By Louise | 2009 , Riesling , United States , Washington State , White Wine , Wines I'm Neutral About

I tried this wine a few nights ago at Casellula Cheese and Wine Café on 52nd and 9th Ave (in NYC). It was an interesting place with a decent selection of wines and cheeses (although very few wines by the glass). My eyes naturally wandered down the wine list to their one riesling.

What did I like about the wine? Hmm, the name was cool…and the bottle label made it look like a sake rather than a wine bottle. I had trouble smelling the wine, although I detected a slight metallic whiff. Then, the first taste was at fairly pleasant – slightly sweet and fruity. I was briefly reminded of grapefruits during that sip. Unfortunately, I can’t say much more in favor of the wine. A mildly bitter aftertaste developed in my mouth, and the wine became more bitter with every sip.

I was told that I didn’t like the wine because it lacked “complexity.” My understanding is that a complex wine will have a variety of different flavors with distinct aftertastes. Complex wines will keep being interesting to you every time you drink it as you discover more flavors and more smells. I would agree that this wasn’t a complex wine. Nothing new came to me as I drank it, except for it becoming more and more bitter, which wasn’t very interesting or good tasting! All in all, it was fine to drink once, but probably not a repeat buy.

Price? I found it online for $12.99 or $14.99 a bottle for the 2008 vintage and as cheap as $10 a bottle for the 2009 vintage. At Casellula Cheese and Wine Café, it was $10 for a glass.

Nov 19

Gunderloch Riesling 2009 Kabinett from Rheinhessen, Germany

By Louise | 2009 , Germany , Riesling , White Wine , Wines I Like

What could be more German than a meal of sausages and sauerkraut with a glass of riesling. It almost fills me with compulsion to spew out some random German phrases I picked up during my time in Stuttgart, but I’m going to save it for another day, especially since more German wines are going to be consumed in the near future. In fact, I’m planning a very seasonal review of Glühwein! If you haven’t come across Glühwein, or what the English call “mulled wine,” it’s a spiced red wine served warm and often drank during the winter months. Check back soon for that review.

Back to rieslings… Rieslings are generally known to be a sweet white wine, but there are actually several levels of sweetness, and you can tell how sweet the wine is by the label on the bottle. This wine has the label “Kabinett” attached to it, which indicates that it is considered “off-dry” i.e. there’s a little bit of sugar in it, but not much. If the wine is sweeter (i.e. the grape was left on the vine for longer before it was harvested), then the term “Spätlese” is used to describe it. For super sweet (almost dessert-wine style) reislings, “Auslese” is used. There are even sweeter German wines, so if you’re in the market for a dessert wine, look out for labels such as “Beerenauslese,” “Trockenbeerenauslese,” and “Eiswein.” However, if you just see the word “trocken” by itself on the label of a German wine, then it means that the wine is super dry (i.e. no residual sugar). Another way of estimating how sweet a wine is is to look at its alcohol content. A low alcohol content usually equates to a sweet wine. This is why some sweet rieslings have very low alcohol percentages e.g. 9%.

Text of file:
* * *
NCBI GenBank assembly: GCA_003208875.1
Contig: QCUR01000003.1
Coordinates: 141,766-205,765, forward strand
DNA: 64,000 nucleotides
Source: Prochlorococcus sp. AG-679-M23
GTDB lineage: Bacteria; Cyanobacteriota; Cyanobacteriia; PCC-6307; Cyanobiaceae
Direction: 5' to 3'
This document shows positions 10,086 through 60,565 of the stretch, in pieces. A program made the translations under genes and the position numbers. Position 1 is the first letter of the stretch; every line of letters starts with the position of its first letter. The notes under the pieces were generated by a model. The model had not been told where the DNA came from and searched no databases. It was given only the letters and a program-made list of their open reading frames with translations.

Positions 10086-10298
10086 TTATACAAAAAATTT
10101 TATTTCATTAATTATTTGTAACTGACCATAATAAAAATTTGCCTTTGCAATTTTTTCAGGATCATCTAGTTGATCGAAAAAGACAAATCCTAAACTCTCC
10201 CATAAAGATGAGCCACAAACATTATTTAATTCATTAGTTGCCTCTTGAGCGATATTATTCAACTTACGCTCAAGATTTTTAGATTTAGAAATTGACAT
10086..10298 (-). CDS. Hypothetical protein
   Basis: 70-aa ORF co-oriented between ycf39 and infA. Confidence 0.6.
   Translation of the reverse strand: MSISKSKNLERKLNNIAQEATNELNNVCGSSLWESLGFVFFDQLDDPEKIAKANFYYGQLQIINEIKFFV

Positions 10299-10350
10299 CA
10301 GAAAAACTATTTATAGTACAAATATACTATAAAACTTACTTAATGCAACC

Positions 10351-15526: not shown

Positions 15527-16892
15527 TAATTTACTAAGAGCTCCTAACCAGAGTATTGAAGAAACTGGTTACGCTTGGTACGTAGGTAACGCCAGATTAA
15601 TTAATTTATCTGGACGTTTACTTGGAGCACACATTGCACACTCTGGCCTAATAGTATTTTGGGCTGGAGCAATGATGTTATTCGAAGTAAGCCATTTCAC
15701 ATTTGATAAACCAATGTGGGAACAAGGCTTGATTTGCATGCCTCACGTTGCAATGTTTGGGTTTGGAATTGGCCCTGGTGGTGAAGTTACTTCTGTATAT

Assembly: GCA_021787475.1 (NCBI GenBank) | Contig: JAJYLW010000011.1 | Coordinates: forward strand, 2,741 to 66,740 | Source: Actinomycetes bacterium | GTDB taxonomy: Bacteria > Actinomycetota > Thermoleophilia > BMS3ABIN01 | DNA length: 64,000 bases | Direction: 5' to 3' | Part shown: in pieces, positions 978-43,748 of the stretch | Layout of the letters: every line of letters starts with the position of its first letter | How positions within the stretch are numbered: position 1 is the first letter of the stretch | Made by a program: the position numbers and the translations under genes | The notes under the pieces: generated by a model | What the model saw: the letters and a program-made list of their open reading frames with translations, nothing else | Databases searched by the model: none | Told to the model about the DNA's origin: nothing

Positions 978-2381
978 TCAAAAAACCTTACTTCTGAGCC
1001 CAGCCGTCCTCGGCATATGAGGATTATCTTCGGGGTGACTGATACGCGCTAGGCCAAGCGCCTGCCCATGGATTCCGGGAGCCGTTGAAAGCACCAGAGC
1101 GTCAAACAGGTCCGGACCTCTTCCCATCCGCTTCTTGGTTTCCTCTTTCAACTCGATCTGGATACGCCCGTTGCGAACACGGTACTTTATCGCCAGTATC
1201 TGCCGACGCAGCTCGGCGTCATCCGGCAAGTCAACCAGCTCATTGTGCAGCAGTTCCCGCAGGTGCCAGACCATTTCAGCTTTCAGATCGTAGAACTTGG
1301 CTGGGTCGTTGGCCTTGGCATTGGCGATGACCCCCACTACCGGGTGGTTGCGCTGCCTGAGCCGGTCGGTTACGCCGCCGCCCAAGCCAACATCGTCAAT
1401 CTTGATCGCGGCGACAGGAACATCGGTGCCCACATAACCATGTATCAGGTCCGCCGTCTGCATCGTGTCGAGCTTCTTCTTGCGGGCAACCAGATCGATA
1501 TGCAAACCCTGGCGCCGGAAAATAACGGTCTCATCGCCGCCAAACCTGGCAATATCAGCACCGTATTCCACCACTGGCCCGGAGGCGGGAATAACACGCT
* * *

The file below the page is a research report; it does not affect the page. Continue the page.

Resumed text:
Onto the actual wine itself. This is my favorite riesling because it has that quintessential fruity, floral riesling smell but none of that nauseating sweetness that can sometimes be associated with rieslings. It has a very delicate yet refreshing grapefruit taste that just leaves you aching for more. The Kabinett label on the wine tells you that it has very little residual sugar, but there’s a subtle fruity essence to the taste that tricks your mind into thinking it’s sweet! I can enjoy this bottle by itself anytime. However, it does go great with food as evidenced by the fact that the 2008 version of this wine is on the wine list at Gordon Ramsey’s 2 Michelin star restaurant in New York ($52 for a bottle or $12 for a glass). In fact, that’s where I first discovered this wine. But if you just want to buy a bottle to drink at home, then you can get the 2009 one, which is shown in the photos, for $20.99 at Astor Wines and Spirits.